Until then...I rest completely in the Lord's care, in His provision, and in His protection. He has me well covered, so well covered.

Today is a good day, a very good day. I am thanking the Lord for His manifold blessings, and for the security and the love He has provided to me. I cannot think of anything I want or need for today, His manna has been sufficient, it has been enough, and I am well cared for, so well covered. God is good, so very good to me! Selah!


July 22, 2015

Preparing for Fall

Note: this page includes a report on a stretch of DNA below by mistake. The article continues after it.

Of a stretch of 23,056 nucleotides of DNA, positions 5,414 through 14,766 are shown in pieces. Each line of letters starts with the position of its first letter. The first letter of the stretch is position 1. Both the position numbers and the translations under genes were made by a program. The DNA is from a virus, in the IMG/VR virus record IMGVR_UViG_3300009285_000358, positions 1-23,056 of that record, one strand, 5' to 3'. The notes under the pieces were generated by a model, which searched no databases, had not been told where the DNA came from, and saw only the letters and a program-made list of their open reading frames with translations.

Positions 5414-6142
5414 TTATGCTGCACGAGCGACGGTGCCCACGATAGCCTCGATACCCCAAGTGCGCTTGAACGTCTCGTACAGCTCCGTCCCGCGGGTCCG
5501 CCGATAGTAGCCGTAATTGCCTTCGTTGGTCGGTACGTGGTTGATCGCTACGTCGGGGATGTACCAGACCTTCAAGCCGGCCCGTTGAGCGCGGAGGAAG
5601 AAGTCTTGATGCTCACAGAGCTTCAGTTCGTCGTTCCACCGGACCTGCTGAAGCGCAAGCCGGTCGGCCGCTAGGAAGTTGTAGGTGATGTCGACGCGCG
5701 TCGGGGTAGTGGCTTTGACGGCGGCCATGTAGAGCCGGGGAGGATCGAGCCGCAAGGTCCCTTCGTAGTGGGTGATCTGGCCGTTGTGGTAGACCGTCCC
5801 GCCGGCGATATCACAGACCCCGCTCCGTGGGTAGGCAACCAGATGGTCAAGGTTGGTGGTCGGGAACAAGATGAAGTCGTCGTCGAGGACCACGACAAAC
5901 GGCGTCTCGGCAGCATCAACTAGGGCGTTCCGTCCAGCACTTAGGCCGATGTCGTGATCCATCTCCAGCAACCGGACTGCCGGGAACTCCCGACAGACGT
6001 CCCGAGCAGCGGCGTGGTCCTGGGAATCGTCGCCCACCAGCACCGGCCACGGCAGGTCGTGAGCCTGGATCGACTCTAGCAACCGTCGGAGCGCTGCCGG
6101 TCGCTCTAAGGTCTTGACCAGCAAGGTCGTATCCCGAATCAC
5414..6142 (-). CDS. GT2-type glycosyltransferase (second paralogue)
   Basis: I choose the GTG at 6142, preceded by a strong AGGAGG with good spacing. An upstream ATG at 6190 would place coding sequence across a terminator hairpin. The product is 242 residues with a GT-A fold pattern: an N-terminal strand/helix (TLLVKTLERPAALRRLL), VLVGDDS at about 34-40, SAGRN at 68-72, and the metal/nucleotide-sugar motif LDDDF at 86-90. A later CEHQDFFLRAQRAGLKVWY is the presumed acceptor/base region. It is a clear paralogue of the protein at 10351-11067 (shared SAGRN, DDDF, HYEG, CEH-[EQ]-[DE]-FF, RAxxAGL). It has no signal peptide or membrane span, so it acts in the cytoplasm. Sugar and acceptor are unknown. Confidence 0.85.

What an amazing day it has been! And, it is only 1:30 p.m. here in sunny, hot and humid AZ. Yes, the Lord is good to me, so very good to me. First off, the Lord has once again pressed upon me to get myself prepared, to make myself ready, for the plans He has for my life. Proverbs 19:21 says, "You can make many plans, but the LORD's purpose will prevail." The writer of Proverbs is stressing the idea that the plans we make, while good and fine, will not take the place of the Lord's purpose for our life. Of course, this presumes that the man or woman of God is diligently seeking the Lord, and is willingly obeying Him as He leads and directs their steps. In my case, this is exactly true. I am seeking the Lord in every area of my life, and while I may not always know exactly what He is doing (behind the scenes), I do believe that His purpose is always first and foremost in His mind. Thus, the plans I make, and I make many of them, are all focused on this one thing -- on seeing the Lord's will, His expressed and precise will for my life -- coming to fruition, coming to pass.